PHILIP'S BLOG: Social change isn't enough
BY PHILIP PATSTON
In the last week or so I've read blogs and articles on disability and employment, MPs playing "wheelchair dress-ups", homosexuality being legalised in India, a 9-year-old boy committing suicide due to homophobic bullying in school, the futility of substituting plastic cups with corn-starch cups...the list goes on.
It's not that I don't think these are not worthy of writing about – they are all important issues. But, man, I'm just getting so bored. These are things I've been reading, and writing about myself, for decades.
WHAT IS GOING ON??!!
For all the talk of social change we hear, I'm not seeing a lot of change. Well, no I am seeing to be fair, but the only change I'm seeing is the names (or, in worst case scenarios, the ages) of the people writing.
Change is change, the only constant, but when it comes to social issues, is change enough? Because change can be good, bad, better, worse – just different. And that's what I'm seeing a lot of at the moment – the same old issues being rehashed and repeated – just change, often for the sake of change.
I'm leaning further and further away from social change. I'm sick of the crowd-sourcing, petitions, Facebook pages etc. I want to be part of social improvement. I want people getting off their one-trick ponies and realising that all the issues I mentioned in the opening paragraph (and more) are connected and will never be solved singularly.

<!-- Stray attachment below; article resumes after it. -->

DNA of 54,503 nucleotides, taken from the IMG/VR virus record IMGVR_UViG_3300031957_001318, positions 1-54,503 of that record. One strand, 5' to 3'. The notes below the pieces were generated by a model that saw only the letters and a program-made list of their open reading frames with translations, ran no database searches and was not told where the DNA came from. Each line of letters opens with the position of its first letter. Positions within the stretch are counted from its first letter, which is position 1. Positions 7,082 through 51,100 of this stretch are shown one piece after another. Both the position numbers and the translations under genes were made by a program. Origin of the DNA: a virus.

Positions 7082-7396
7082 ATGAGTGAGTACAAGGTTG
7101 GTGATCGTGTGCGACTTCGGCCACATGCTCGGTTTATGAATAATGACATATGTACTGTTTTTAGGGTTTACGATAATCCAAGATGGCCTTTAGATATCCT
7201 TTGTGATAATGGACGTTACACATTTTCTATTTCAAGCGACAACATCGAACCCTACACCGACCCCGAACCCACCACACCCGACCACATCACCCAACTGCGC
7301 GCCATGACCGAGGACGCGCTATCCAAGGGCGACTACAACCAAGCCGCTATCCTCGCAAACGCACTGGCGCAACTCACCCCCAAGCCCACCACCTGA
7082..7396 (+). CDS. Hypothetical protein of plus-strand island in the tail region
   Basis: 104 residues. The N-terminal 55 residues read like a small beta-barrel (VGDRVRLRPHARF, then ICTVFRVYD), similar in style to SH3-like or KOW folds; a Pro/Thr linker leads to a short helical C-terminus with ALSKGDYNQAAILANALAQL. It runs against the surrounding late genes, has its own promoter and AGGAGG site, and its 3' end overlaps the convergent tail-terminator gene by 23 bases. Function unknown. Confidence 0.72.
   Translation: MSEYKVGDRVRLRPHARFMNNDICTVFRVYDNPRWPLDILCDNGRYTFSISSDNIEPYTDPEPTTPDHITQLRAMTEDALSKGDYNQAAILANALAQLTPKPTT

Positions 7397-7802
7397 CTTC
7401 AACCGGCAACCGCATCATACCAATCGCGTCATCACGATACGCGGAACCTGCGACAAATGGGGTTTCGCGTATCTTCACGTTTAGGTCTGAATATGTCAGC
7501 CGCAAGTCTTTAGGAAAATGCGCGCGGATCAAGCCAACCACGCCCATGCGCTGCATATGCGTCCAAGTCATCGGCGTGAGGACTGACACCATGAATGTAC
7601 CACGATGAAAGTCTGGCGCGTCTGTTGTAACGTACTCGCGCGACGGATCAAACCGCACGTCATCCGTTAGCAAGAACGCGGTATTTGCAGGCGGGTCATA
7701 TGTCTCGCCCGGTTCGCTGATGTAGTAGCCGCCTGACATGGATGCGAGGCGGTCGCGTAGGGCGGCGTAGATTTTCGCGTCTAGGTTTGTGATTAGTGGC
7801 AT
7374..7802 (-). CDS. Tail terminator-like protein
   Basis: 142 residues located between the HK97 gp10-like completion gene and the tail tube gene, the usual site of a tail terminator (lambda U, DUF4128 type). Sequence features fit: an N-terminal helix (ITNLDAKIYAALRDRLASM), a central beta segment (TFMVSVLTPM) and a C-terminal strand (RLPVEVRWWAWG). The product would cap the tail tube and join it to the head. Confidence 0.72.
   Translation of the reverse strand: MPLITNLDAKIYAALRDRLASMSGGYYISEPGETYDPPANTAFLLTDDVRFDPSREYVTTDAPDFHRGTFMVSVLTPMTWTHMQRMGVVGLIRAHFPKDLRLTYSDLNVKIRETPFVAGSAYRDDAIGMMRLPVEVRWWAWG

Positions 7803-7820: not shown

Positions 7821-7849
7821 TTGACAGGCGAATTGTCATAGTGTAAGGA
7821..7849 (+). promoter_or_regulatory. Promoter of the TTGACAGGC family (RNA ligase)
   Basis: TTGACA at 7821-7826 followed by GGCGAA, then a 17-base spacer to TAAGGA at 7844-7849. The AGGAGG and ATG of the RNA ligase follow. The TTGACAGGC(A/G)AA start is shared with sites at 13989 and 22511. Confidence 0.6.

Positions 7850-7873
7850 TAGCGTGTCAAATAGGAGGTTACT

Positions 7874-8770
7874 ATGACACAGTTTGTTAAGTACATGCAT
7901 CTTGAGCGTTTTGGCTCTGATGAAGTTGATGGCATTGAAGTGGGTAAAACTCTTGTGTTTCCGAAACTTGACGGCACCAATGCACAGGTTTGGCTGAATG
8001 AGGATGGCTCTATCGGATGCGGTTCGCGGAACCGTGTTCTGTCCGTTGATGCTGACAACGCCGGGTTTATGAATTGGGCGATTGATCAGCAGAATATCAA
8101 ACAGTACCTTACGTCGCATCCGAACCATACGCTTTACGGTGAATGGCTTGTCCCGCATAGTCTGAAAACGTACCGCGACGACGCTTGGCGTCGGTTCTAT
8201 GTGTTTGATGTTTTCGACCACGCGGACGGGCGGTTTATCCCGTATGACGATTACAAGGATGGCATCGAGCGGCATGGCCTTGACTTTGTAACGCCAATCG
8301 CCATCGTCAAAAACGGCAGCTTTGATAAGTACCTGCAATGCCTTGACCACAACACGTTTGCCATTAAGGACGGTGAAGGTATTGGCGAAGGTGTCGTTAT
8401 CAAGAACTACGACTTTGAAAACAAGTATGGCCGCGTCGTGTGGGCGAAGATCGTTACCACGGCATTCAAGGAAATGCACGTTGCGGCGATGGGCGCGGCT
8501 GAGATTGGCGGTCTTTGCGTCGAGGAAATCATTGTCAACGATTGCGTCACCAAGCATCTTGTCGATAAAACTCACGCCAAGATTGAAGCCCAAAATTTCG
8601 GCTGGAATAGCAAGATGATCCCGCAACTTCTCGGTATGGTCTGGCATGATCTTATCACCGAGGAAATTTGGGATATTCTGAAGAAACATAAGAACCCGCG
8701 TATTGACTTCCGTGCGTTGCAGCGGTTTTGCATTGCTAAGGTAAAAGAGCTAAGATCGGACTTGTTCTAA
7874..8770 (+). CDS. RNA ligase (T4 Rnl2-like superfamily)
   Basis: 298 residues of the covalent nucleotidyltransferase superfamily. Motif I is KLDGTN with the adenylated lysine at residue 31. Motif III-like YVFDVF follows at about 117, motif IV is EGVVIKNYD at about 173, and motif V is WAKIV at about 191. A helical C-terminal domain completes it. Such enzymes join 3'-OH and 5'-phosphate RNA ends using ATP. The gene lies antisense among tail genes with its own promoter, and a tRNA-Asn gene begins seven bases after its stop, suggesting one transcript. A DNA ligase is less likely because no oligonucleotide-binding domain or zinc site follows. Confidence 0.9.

We will never achieve social improvement until we stop picking off little issues and ignoring the big trends – power, corruption, gross inequality, the ridiculous ways we stratify people based on money (not just the amounts but where the money comes from), our sickness system that we euphemistically call a health system.
We need to address our social culture of bullying, of greed, of ignorance, of egotism, of not caring about others. We need to know, as Naomi Klein wisely addresses, that climate decline (not change) is the result of social decline.
We need to sit up and realise that, according to Sir John Glubb (in Wheatley, Margaret J.. Who Do We Choose To Be?: Facing Reality, Claiming Leadership, Restoring Sanity (p. 34). Berrett-Koehler Publishers. Kindle Edition) we are in the sixth and final age of civilisation, which he calls
the Age of Decadence:
Wealth and power have led to petty and negative behaviors, including narcissism, consumerism, materialism, nihilism, fanaticism, and high levels of frivolity. A celebrity culture worships athletes, actors, and singers. The masses are distracted by entertainment and sporting events, abandon moral restraint, shirk duties, and insist on entitlements. The leaders believe they are impervious and will govern forever. This age also develops the welfare state as imperial leaders generously build universities and hospitals, give grants to university students, support the young and the poor, and extend citizenship to everyone. When they run out of money, all this benevolence disappears and these institutions shut their doors. (ibid. p. 37)
I've been guilty of jumping on many a hobby horse, just shaking things up and moving things around in my little corner of the world. But lately I've been trying to stop just tinkering, looking at the bigger picture, and considering how I can do more than just create a bit of change, and instead being part of really improving things.
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